Your refrigerator's job is to keep your food cold enough to delay or prevent spoilage. So when it is not reaching the appropriate temperature, there is clearly something amiss. Some problems that cause increased refrigerator temperatures can easily be addressed at home while others require you to call an appliance repair company. Here's a look at the most likely culprits and how to handle each one.
The coils are generally exposed on the back of your fridge, which means it's easy for them to accumulate dust and dirt. The dirtier they get, the harder your fridge has to work to discharge heat through the coils. (The layer of dust acts as an insulator of sorts, preventing direct contact with the coil and the air.)
Luckily, cleaning the coils is pretty simple. Unplug your fridge, and pull it out from the wall. Use a vacuum cleaner to suck up all of the larger grains or dust. The wand attachment should make it easier to get into the little cracks and crevices. One the big pieces are gone, use a damp rag to wipe off the finer dust. Let the coil dry, and then plug the refrigerator back into the wall.
If all of the cold air is leaking out of your fridge as fast as it is being created, the fridge will not stay cool. The most common cause of air leaks is old, peeling gaskets. Look at the gaskets were they run along the door's edge. Are they splitting, cracking, or bowing away so they don't provide a tight seal against the fridge? Then it's time to replace them.
You can purchase lengths of all-purpose refrigerator gasket material at most any hardware store. You'll just need to cut it to the proper length. To remove the old gasket, use a screwdriver to loosen the screws that are holding it in place. Pull the gasket out. Slide the new gasket into place, and then re-tighten the screws. To keep your new gaskets in better shape, wipe them down with soap and water every couple of weeks.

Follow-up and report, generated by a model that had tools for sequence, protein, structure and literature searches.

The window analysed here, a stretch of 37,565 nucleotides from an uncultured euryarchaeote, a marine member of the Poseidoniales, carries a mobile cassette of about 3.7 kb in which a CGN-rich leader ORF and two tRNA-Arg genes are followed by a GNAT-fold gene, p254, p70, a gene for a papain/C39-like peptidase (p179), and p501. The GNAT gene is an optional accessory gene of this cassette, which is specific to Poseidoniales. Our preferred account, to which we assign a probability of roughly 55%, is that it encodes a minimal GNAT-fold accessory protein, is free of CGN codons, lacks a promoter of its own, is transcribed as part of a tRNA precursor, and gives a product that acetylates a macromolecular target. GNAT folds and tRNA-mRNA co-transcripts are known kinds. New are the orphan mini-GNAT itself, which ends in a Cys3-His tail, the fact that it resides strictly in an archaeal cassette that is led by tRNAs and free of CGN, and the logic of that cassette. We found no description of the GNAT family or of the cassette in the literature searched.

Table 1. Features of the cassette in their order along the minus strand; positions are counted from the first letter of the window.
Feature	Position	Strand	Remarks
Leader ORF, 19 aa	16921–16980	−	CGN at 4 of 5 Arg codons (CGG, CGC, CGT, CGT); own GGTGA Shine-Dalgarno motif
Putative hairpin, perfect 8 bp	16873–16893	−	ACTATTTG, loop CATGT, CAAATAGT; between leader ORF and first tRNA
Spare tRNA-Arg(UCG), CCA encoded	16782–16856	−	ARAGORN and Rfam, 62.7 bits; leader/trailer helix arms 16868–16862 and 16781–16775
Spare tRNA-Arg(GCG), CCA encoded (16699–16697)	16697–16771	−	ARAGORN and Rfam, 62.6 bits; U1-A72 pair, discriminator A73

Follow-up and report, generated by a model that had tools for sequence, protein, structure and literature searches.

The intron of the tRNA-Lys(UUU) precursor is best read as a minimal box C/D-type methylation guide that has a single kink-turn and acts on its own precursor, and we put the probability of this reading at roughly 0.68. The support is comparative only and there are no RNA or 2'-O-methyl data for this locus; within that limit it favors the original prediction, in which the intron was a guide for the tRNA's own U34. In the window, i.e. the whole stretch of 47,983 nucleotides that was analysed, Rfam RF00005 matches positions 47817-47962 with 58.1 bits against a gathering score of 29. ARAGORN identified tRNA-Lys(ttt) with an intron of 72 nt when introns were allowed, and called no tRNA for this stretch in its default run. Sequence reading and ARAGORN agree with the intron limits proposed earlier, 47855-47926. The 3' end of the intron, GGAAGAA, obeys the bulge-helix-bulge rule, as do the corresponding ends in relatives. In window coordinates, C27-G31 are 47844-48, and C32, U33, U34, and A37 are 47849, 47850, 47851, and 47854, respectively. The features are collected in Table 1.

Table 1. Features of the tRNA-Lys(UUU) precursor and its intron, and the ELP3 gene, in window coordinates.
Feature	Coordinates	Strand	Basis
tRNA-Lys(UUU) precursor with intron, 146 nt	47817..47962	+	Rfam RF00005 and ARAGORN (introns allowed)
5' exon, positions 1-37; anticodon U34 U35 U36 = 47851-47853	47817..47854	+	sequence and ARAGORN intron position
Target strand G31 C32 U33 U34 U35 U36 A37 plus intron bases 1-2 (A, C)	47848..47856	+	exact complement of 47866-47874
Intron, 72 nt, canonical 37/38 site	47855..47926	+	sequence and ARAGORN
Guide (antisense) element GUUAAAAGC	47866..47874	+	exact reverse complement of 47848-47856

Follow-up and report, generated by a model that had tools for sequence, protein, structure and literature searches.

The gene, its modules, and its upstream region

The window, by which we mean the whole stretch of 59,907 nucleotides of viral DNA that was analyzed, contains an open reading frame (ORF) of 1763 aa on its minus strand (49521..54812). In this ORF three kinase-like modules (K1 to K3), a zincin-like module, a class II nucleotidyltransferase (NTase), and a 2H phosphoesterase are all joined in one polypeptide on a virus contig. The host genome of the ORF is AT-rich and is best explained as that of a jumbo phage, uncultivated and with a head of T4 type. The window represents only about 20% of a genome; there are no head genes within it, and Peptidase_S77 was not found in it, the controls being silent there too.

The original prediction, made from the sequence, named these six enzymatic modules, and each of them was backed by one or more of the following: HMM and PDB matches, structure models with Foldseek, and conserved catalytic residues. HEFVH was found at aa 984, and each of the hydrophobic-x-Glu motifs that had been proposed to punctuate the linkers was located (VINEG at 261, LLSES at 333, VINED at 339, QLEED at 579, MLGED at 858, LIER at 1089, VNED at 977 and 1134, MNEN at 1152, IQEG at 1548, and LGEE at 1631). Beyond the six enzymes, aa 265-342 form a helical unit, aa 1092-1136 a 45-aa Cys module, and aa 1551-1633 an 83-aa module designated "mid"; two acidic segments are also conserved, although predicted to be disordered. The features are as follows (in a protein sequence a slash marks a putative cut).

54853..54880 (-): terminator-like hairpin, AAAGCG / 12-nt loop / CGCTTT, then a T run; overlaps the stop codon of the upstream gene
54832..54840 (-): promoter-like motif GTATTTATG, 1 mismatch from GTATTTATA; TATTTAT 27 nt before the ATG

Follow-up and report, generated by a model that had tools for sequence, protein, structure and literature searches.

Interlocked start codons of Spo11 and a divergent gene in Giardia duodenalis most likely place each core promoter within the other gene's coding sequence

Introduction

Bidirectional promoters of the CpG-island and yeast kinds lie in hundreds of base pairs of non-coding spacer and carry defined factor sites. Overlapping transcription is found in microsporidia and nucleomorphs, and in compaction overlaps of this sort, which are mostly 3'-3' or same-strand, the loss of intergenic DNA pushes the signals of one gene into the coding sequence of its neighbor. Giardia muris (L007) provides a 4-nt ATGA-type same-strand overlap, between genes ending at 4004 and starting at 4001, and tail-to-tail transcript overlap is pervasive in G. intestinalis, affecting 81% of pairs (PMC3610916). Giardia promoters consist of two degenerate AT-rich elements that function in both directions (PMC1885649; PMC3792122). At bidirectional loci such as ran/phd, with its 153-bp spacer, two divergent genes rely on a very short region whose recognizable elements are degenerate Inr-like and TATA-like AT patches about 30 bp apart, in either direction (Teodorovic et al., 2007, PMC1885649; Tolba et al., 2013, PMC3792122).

Your refrigerator has a thermostat that measures the temperature inside and adjusts the cold air output accordingly. This part can start malfunctioning if it becomes exposed to moisture and develops rust or even due to natural aging effects if your refrigerator is older. If you clean the coils, check the gaskets, and still have issues with your fridge maintaining a cool enough temperature, then the thermostat may be to blame. This is an issue a professional will need to address. Usually, they'll just be able to replace the thermostat, though if your fridge is already quite old, you may want to just buy a new one and avoid the need for future repairs.
Is your fridge making strange noises when it's running? Some buzzing or clunking may indicate that the fan is not working well. When the fan breaks, it won't spread the cool air evenly throughout your refrigerator, so some places will get extra cold while other areas stay too warm.
Since the fans is protected by a plastic or metal casing, you probably want to have a professional handle this repair. Sometimes they may just need to clean around the fan to get it moving freely again. Other times, they may need to replace the fan or replace some wires that control it.
If your fridge is feeling a bit warm, don't put off addressing the problem. Even a fridge that's a few degrees too warm can allow your food to spoil faster, leading to problems with food poisoning and waste.